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Ireland’s Chance of Green Gold

In the most Recent meeting of the British-Irish Council, attended by UK deputy prime minister Nick Clegg, Irish Taoiseach (Prime Minister) Enda Kenny and other senior members of the devolved governments met and discussed the issue of clean/green energy.

The Geographical location of the island of Ireland can prove to be a natural money spinner and one the country desperately needs to address it’s national debt. The location of Ireland, more specifically the west coast is normally fairly windy and would be an ideal location to place wind turbines/wind farm. You may ask, why is this relevant to the meeting?  Well due to the size v demand it is too expensive for the Irish government/ energy companies to build any large scale green energy projects, thus the idea that the UK and other European countries could possibly purchase green energy created in the country. There is also talks on a possible wave/ tide energy network which could also back up the demand for green energy and meeting targets set by the EU. Charles Hendry (UK Energy Secretary) noted to state that “The west coast of Ireland has some of the fiercest winds in Europe,”  followed by “They whip in off the Atlantic which makes it is an ideal location for wind farms. However, the Irish market for electricity is less than a tenth of that of Britain. That means that companies cannot afford to build wind farms in Ireland because there is no market for their power. We want to put that right.”

This would be a huge help to the UK’s current green energy targets and where the government tends to encounter much opposition from NIMBYs. The argument against building the wind farms in the west coast of Ireland would be peoples opposition due to the feeling it would destroy some of the most beautiful locations in Ireland. Already work is underway to connect the energy grids to both islands of the British Isles thus working co-operatively for better energy security amongst the two. The Irish Sea Inter-Connector will cost £500m and have a capacity of 500 megawatts. There would also be other potential connections thus allowing the opening up the new market for green energy being produced from the said eco friendly sources.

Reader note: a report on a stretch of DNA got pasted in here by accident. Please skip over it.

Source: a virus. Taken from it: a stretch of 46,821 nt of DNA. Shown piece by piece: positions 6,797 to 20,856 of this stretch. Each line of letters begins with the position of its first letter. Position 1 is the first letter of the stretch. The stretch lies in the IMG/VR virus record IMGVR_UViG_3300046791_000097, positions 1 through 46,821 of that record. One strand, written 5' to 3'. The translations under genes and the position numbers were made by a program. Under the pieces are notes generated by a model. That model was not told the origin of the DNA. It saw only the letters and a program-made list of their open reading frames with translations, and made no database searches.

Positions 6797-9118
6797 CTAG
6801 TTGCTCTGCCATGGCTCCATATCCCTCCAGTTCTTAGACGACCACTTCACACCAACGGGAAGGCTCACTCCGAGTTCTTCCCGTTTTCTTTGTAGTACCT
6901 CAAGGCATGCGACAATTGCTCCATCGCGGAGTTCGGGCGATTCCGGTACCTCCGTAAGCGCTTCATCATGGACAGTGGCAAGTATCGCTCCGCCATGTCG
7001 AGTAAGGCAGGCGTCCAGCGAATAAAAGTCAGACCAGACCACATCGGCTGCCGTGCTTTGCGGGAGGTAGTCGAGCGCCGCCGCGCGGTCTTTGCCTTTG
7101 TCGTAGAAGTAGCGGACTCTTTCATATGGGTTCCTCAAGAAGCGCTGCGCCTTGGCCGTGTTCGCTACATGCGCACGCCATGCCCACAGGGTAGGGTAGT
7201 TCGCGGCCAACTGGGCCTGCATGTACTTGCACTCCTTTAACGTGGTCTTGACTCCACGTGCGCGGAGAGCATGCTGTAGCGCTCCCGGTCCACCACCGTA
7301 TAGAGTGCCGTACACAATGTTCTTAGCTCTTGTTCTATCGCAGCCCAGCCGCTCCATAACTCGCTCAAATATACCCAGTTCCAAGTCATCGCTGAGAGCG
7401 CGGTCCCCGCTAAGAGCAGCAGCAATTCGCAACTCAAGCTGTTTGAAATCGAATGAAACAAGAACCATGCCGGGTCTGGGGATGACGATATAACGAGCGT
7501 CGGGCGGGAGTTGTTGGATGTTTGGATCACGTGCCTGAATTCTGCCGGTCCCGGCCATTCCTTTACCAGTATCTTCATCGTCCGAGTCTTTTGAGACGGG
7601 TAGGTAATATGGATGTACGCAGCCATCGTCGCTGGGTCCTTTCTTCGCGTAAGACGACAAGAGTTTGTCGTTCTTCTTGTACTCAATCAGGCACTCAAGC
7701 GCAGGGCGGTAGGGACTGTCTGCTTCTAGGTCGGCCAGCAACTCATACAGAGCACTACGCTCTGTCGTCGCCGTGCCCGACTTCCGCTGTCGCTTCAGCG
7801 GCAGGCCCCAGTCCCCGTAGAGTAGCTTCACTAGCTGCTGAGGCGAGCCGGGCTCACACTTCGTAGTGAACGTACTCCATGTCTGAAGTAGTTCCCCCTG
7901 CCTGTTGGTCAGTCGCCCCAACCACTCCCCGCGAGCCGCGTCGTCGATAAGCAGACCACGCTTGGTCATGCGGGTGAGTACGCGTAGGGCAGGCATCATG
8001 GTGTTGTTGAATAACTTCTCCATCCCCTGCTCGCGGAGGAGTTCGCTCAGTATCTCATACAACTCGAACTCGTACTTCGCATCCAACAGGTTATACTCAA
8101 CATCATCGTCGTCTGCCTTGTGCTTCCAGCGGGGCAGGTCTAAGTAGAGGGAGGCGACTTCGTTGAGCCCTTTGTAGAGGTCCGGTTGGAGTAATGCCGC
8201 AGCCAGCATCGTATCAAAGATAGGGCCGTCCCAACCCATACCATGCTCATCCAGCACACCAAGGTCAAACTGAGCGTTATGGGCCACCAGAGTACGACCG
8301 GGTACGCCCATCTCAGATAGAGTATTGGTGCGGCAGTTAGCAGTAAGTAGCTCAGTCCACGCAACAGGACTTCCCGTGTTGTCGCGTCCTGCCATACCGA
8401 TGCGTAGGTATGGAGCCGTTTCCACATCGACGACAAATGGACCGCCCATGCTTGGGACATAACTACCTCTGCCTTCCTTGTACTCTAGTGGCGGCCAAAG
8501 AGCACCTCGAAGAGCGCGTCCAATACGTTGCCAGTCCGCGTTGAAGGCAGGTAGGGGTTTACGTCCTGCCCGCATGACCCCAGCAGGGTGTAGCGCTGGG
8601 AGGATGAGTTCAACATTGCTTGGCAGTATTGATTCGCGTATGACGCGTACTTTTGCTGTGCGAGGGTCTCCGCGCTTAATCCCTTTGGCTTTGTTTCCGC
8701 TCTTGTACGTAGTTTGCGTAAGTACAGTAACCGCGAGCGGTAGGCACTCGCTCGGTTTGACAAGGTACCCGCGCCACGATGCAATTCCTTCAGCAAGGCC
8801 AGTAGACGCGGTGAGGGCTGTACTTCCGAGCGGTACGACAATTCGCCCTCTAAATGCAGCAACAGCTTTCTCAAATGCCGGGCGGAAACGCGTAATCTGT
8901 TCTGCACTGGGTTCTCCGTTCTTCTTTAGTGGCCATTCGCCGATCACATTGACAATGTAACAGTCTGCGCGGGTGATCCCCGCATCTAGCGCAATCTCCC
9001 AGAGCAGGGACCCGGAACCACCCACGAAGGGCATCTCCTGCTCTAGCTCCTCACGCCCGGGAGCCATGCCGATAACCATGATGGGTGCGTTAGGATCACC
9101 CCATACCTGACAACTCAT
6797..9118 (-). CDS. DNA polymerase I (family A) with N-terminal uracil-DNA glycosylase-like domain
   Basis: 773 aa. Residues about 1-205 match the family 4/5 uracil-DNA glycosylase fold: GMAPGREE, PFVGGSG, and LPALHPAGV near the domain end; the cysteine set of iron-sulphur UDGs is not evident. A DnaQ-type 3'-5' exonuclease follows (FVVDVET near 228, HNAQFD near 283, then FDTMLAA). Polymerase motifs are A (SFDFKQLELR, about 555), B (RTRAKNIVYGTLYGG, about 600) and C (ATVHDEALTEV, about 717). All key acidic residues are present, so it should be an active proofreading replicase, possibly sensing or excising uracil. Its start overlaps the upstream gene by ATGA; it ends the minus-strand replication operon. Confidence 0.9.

The areas suggested best suited for such a project are the Dingle Peninsula, Kerry and Galway coastal areas. Hendry responded to a question raising the issues argued by any potential opposition to the idea by stating  . “It will be up to the Irish government and the Irish people to decide if they want to build them. This is a voluntary programme and it could bring significant wealth to the country with very little downside.”

The other Areas suggested on mainland UK have been the islands of Islay and Orkney as promising sites for tidal energy creation areas. However, all sites suffer from the problem of remoteness which has also been addressed at the council meeting.

When discussing the possibility of the English channel being another area of green energy production, Hendry notes  “Some of the best resources for generating tidal power lie in waters off the Channel Islands,” Followed by the caution  “But as things stand at present, there is no way to get that power to mainland Britain. We need to look at building a new inter-connector with France, taking it from the new nuclear power station currently being built at Flamanville, via the Channel Islands, to the UK. When the tides are right at Jersey and Guernsey, we could take electricity from their wave generators, and when they are not providing power, take it from Flamanville.” All named proposals will now be considered and evaluated over the next 18 months, whereby any agreed projects could effectively start construction from around 2013.

All in all, this could prove to be an interest venture should the Irish Government agree to their part of any proposal. It can also prove to be financially rewarding for them which as already stated at the beginning is much needed cash to put into the national purse and helping them lessen the huge national debt. The proposals are ambitious but we shall see what action is actually undertaken over the next year and a half and onwards. If Britain does succeed by giving a go ahead to some if not all of the projects it would still see its green credentials rise and meet our European counterparts, which at this moment the UK is dragging a bit behind.

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